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Rider challenges loose helmet strap fine

Loose helmet strap Julian Collis

A Perth rider who took off his gloves and loosened his chin strap to talk to police who pulled him over is challenging a fine he received for not having his chin strap done up securely.

Julian Collis says he wrote a letter to police the same day – 30 May 2018 – advising he would not pay the fine and has not yet received a reply.

He says he has been offered free legal assistance and will challenge the fine in court.

Regulation 244 of the Western Australia Road Traffic Code 2000 states that a motorcycle must not be ridden unless an approved helmet is securely fitted and fastened to the head of the rider.  The fine is $550 and four demerit points.

Strapped over strap

“I initially thought they were trying to get me for speeding as they put their speed gun on me,” Julian says.

“I had taken my motorcycle gloves off and put them on the console and loosened my chin strap to take off my helmet but I kept it on when I was told I wasn’t being done for speeding.

Fine strap Loose helmet strap Julian Collis
Julian’s helmet has a double-D fastener which can be loosened without being undone

“I was speaking to him with my helmet on and the visor flipped up.

“He wasn’t rude or anything, but he said he thought my bike sounded a bit loud.

“I keep my bike (1981 Shovelhead Harley) in remarkable condition and standard as possible as it’s worth more as a collectible item when it is standard, so that wasn’t the issue.”

Julian says the officer was still inspecting his bike when a second officer joined them.

“The second cop came over and stood in front of me and gave him a nudge and said ‘look at his chin strap’.

‘The first guy said ‘I’m going to have to give you a fine for that. It’s as bad as not wearing a helmet at all’.Loose helmet strap Julian Collis

“When I saw the fine and the points I told them straight away that I’m not paying it but I held my tongue back from telling them what I really thought.

“He said, ‘I’ll see you in court’.”

Police comment

A Western Australia police spokeman says he cannot comment on this case, but offered advice for riders.

“I can’t comment on this incident specifically as I understand the person may consider disputing the matter in court,” he says.

“As per the infringement notice, any person who disputes a traffic infringement notice can elect to have the matter heard in court where an independent decision will be made.

“If the person believes they were unfairly targeted they can elect to make a complaint through the Police Complaints and Administration Centre, where the matter will be reviewed by a person independent of the infringing officer’s business unit.

“WA Police Force regularly run operations targeting unsafe motorcycle rider behaviours, including (not just) speeding, drink/drug impaired driving, but also riders not wearing or incorrectly wearing helmets.  Helmet use is a major factor in the outcome of a fatal or serious crash – either from not being worn or being worn incorrectly.”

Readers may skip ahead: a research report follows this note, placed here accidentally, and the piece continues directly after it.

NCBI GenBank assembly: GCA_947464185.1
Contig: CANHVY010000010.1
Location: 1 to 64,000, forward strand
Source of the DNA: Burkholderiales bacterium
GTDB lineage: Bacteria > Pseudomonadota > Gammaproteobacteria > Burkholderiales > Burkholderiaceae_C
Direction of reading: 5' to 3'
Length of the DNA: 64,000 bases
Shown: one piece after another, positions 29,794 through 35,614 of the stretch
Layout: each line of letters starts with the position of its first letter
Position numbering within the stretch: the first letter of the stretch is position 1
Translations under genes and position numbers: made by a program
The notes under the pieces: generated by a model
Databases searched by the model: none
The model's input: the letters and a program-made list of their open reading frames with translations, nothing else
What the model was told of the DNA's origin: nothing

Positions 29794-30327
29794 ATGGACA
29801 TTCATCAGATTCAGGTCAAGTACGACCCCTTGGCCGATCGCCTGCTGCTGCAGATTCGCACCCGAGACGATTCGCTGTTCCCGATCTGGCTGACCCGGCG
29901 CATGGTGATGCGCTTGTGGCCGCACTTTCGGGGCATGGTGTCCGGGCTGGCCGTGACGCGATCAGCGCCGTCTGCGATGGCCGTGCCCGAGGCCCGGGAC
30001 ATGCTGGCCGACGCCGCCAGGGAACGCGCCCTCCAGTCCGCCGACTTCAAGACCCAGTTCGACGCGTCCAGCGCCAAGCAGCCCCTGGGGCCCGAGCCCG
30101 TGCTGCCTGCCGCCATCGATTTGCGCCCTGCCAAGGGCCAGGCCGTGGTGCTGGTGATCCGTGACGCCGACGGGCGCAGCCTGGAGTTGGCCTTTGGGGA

Julian says the officers were both wearing body cameras and he will ask police for copies of their video, if it was switched on, as it would exonerate him.

“The 2nd guy said he saw that I didn’t undo the strap, but he was dealing with another person at the time,” Julian says.

We will update with progress of Julian’s challenge.


  1. Funny how the mere act of putting on a uniform can
    turn some into total c..ts Nice bike Julian a
    credit to you..Good luck

  2. If you were stationary and not actually operating the bike at the time how can they fine you for not having the strap done up. They are only assuming you rode the bike without doing the strap up, they cannot prove it.

  3. “Regulation 244 of the Western Australia Road Traffic Code 2000 states that a motorcycle must not be ridden unless an approved helmet is securely fitted and fastened to the head of the rider.”
    Aside from the bureaucratic pettiness and obvious police victimization of bike riders, the questions which the court will have to address are obviously…
    What qualification does the ‘booking’ officer have to determine whether the helmet is ‘securely fitted and fastened” ? If the subject officer does not a helmet fitting qualification then he is only expressing an opinion. For this opinion to have weight, said ossifer should be able to demonstrate how many times in the past his opinion has been proven to have been correct. The most important question with regard to the regulation is what constitutes ” riding”. The regulation says that the motorcycle must not be ridden….so was the m’cycle actually being ridden at the time ?
    Does sitting on the bike constitute riding the bike ? As sitting behind the wheel of a car constitutes being in charge of a motor vehicle ? A moot point.

    1. Sitting on a bike = Not riding , Riding = Moving / Pushing motorbike in normal English , not lawyer talk .

  4. If Julian was stationary which I assume he was, he could have removed his helmet without committing an infringement .

    1. …”.must not be ridden without”…etc. If the ignition key was off and no headlight on, it could hardly be construed that the bike was being ridden in which case it would not matter if the ‘rider’ had his helmet undone, done up of not on his head.
      However, if sitting on the bike means you are in charge of the bike, does this mean you are riding it ?
      To add to the stupidity of this I remember reading some time ago that in one State (don’t recall which ) that a rider must wear a helmet even if pushing a broken bike off the road AND anyone assisting pushing the bike must also wear an approved helmet. Beat that for stupidity.

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